I’ve had a lot of my things broken in my life. Some electronics, a few of those crappy three-ring binders, and a couple of tables. All of those things have something in common: they are tangible. They’re relatively easy to break. It’s not easy to break something that doesn’t have a physical form.
And yet, in classic Mariners fashion, the Mariners are the first ones to break something in me that’s intangible: a dream. Specifically the dream of 162-0. Can you imagine? The sell-out crowd to see the team that’s 161-0 play their last game. The sense of pure joy and disbelief as Dan Vogelbach hits a walk-off home run to steal the last game from Texas’s dirty hands? The unthinkable: a perfect season.
Like so many other things associated with the Mariners, that dream today dissolved into ash in our hands. Same old Mariners.
It was a serious struggle from the beginning. James Paxton got away with allowing an extremely hard-hit ball as lead-off man Francisco Lindor lined out to Kyle Seager. Paxton wasn’t as lucky when Jason Kipnis doubled to right, and he took luck out of the equation entirely when he walked Edwin Encarnacion and Rajai Davis to load the bases for Yonder Alonso.
Nine months after being traded to the Mariners, but three months after leaving them, Yonder Alonso finally decided to show up to Safeco.
The cool thing about winning the first game and then having a day to bask in the glow is that the pink cloud of optimism bled into today’s game. In years past, a first inning grand slam was a death sentence. It would have been a good excuse to turn off the television and go do something. When your winning percentage is 1.000, however, anything feels possible. Well, we probably would have had to score 5 runs any way, and James Paxton could totally turn it around, and the bullpen is well-rested.
The Mariners did end up scoring 5 runs, and James Paxton did almost turn it around, and the bullpen pitched excellently.
Even after Carlos Carrasco retired the first five Mariners, Mitch Haniger put one into Edgar’s cantina to make it 4-1.
Even though James Paxton didn’t quite calm down, the outfield was going to pick up his slack.
It's like he never left. pic.twitter.com/nyfT0UhO4L— Mariners (@Mariners) March 31, 2018
The bottom of that very same inning, we saw why this offense is supposed to be good. When it clicks, it really clicks. An Ichiro single into a Dee Gordon single, into a Jean Segura single, into a Robinson Cano single, and it’s suddenly 4-3. With just one out and runners at first and second, Nelson Cruz came to the plate. Nelson Cruz absolutely destroyed the ball. Just like that, it might have been 5-4 Mariners.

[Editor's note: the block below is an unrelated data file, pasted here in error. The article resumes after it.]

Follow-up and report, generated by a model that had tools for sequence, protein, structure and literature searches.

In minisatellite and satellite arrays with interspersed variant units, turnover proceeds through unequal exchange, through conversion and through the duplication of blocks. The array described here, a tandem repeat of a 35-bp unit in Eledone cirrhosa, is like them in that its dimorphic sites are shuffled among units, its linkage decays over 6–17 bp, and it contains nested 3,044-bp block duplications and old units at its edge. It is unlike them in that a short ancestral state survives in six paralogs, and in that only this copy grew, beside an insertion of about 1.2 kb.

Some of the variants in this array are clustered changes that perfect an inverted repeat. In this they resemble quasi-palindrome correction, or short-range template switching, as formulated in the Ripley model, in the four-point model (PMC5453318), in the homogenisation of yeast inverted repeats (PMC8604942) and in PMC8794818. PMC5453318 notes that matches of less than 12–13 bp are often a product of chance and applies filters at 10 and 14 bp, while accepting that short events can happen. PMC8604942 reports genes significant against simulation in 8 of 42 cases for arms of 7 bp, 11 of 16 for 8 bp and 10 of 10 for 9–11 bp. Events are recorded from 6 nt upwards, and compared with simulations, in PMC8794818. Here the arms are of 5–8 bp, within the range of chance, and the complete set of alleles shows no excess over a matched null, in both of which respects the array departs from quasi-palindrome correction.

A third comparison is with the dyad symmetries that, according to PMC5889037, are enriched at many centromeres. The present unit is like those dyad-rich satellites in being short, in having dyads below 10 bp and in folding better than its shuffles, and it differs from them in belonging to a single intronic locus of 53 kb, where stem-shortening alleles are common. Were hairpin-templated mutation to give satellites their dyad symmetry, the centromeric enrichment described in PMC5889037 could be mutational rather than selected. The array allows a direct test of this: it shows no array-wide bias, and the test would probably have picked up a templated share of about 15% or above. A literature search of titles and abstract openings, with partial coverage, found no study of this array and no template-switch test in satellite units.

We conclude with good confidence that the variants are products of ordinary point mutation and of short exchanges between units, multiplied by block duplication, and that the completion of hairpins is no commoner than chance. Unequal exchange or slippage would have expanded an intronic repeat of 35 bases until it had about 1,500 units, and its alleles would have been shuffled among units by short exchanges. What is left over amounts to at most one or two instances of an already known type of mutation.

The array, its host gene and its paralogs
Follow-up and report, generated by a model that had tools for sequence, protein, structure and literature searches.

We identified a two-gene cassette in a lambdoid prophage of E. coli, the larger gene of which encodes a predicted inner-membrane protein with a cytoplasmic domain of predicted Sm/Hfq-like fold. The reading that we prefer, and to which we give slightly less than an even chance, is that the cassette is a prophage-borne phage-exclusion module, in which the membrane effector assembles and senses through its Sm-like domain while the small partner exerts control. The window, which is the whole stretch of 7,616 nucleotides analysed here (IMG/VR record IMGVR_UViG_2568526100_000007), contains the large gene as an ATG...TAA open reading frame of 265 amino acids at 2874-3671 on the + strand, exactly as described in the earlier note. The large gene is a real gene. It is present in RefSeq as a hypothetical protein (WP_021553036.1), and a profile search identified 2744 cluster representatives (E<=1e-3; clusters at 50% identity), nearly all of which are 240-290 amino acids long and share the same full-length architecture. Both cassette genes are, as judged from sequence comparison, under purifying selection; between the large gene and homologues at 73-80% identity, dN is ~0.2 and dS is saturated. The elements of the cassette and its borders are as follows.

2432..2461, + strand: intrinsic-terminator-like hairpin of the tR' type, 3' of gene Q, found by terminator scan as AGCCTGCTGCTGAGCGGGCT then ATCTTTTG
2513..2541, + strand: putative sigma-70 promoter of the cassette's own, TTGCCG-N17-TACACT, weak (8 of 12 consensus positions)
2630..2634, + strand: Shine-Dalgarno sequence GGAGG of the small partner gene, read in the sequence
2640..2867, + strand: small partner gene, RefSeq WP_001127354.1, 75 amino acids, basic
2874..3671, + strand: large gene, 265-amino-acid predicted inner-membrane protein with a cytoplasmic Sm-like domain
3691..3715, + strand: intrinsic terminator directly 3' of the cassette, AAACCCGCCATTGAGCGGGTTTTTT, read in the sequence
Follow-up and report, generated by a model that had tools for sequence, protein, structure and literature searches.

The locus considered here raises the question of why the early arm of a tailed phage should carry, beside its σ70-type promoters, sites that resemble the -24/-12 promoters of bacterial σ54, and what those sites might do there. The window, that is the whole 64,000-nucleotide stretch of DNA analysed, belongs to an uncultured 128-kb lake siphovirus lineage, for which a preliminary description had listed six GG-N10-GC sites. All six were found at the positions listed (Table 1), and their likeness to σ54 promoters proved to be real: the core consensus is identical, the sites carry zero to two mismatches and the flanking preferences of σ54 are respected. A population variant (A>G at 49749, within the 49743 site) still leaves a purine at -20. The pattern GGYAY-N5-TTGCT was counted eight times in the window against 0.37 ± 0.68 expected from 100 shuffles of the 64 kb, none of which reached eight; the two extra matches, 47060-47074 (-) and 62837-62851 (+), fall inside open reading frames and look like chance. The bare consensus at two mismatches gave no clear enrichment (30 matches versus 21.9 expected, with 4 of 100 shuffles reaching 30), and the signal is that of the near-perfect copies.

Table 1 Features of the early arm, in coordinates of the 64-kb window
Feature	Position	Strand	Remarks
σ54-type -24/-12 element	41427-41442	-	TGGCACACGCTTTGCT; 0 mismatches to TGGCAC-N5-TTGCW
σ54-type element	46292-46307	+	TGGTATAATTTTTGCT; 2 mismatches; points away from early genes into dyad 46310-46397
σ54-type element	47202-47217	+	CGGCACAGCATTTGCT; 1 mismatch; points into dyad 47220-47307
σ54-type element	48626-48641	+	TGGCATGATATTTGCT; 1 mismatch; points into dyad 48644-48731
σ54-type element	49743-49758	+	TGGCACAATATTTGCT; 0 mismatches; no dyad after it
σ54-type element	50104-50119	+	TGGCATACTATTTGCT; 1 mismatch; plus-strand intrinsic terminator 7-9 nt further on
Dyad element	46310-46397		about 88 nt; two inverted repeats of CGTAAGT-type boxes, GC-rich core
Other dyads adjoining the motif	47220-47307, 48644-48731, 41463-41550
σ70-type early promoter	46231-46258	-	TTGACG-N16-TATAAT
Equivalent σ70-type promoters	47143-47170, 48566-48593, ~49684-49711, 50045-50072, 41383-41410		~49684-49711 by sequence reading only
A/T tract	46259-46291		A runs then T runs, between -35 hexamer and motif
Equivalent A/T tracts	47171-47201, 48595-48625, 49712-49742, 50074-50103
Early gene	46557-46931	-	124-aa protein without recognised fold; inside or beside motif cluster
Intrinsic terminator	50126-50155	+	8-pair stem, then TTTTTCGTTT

Except that the ball that Nelson Cruz destroyed went directly into the glove of Yonder Alonso, who easily doubled Segura off of second. It stopped the bleeding for Carrasco, and it was that close to putting some real pressure on him. It’s a game of inches, I guess.
Even after Paxton gave up a second dinger to make it a 6-3 game, it felt within reach. It was an uphill battle, but this was a 1.000 team! This was a team that could go 162-0! It especially felt that way after Nelson Cruz took a veritable golf swing at a ball well below the zone and clubbed it into the bullpen.
Nelson Cruz is on pace for 162 home runs. pic.twitter.com/6GcdAOFzA8— Mariners (@Mariners) March 31, 2018
It goes without saying, but not too many other players could take a swing with that angle and make it work.
Even with Andrew Miller and Cody Allen leering down at them from Cleveland’s bullpen, Nelson Cruz and the Mariners were going to make this work. At least, they were.
Cruz slipped behind cages after Home run. X-rays negative, MRI tomorrow.— Shannon Drayer (@shannondrayer) March 31, 2018
Robinson Cano’s eighth inning double was a moment of joy. Wait. They’re actually going to do this. They’re actually good. And then you see Guillermo Heredia coming to bat for Nelson Cruz. Wait, what? What’s going on? Where’s Nelson? And then it’s Andrew Miller versus Guillermo Heredia, and it’s lefty Andrew Miller versus lefty Kyle Seager, and it’s lefty Andrew Miller versus Ryon Healy. With predictable results.
And then it felt just a little less possible. Cody Allen mopped up the bottom of the lineup the very next inning, and it was over.
Still, there’s certainly something to be said for not feeling completely out of it when the team goes down by 4 in the first inning. Casey Lawrence, Marc Rzepczynski, and Dan Altavilla pitched splendidly in relief of James Paxton. Paxton’s command was shaky, but he’s still James Paxton. The Mariners have gone even with a 100-win team running out two of the best pitchers in the league against them, and they’ve done it with some degree of style.
161-1, here we come. Go Mariners.